The worldwide prevalence of autism spectrum disorder (ASD) is 1-2%; however, its association with race/ethnicity and social disadvantage is not known. The objective of this study is to determine the differences in ASD prevalence estimates in racial/ethnic minority groups.

This case-control prevalence cohort study included a total data of 7,074,238 pupils. Age and sex were the prior confounders in the study. ASD status was assessed according to race/ethnicity, social disadvantage, and the first language spoken. The primary endpoint of the study was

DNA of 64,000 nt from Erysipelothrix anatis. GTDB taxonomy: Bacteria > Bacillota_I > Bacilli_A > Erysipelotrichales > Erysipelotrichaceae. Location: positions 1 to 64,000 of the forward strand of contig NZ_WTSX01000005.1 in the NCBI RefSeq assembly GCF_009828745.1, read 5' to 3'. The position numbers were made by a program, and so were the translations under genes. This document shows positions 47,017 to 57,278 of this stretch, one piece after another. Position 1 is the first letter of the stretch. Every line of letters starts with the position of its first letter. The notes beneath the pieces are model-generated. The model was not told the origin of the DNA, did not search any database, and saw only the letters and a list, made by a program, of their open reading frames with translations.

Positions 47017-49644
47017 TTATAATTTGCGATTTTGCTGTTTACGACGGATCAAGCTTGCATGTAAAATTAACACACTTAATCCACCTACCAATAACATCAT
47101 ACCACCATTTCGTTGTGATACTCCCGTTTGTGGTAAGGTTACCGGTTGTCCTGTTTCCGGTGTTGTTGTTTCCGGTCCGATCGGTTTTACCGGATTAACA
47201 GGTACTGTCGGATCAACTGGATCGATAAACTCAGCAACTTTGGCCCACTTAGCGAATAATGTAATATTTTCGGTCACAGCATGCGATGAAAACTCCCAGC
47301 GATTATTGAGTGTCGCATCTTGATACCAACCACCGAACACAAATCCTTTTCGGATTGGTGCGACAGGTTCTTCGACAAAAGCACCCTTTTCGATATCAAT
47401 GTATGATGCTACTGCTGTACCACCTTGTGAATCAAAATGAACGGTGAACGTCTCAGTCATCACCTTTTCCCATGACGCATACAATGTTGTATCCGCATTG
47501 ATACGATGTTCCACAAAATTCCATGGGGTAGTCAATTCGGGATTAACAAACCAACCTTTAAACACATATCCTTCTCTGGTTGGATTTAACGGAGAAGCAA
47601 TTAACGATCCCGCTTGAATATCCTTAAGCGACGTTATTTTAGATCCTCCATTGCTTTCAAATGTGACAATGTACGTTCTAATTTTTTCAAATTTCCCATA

The findings suggested that among the included participants, 119,821 pupils had ASD, and 21,660 had ASD with learning disabilities. Standard ASD prevalence was 1.76%, with males being at a higher risk (2.81%) than females (0.65%). Standardized prevalence was the highest in black pupils (2.11%) and lowest in Irish/Roma travelers (0.65%). It was also found that pupils with ASD were more likely to face a social disadvantage and speak English as an additional language. The social disadvantage was the main factor mediating the effect of race/ethnicity on ASD, with black pupils facing the largest effect.

The research confirmed that ASD prevalence was associated with racial/ethnic groups and was mainly mediated by social disadvantage.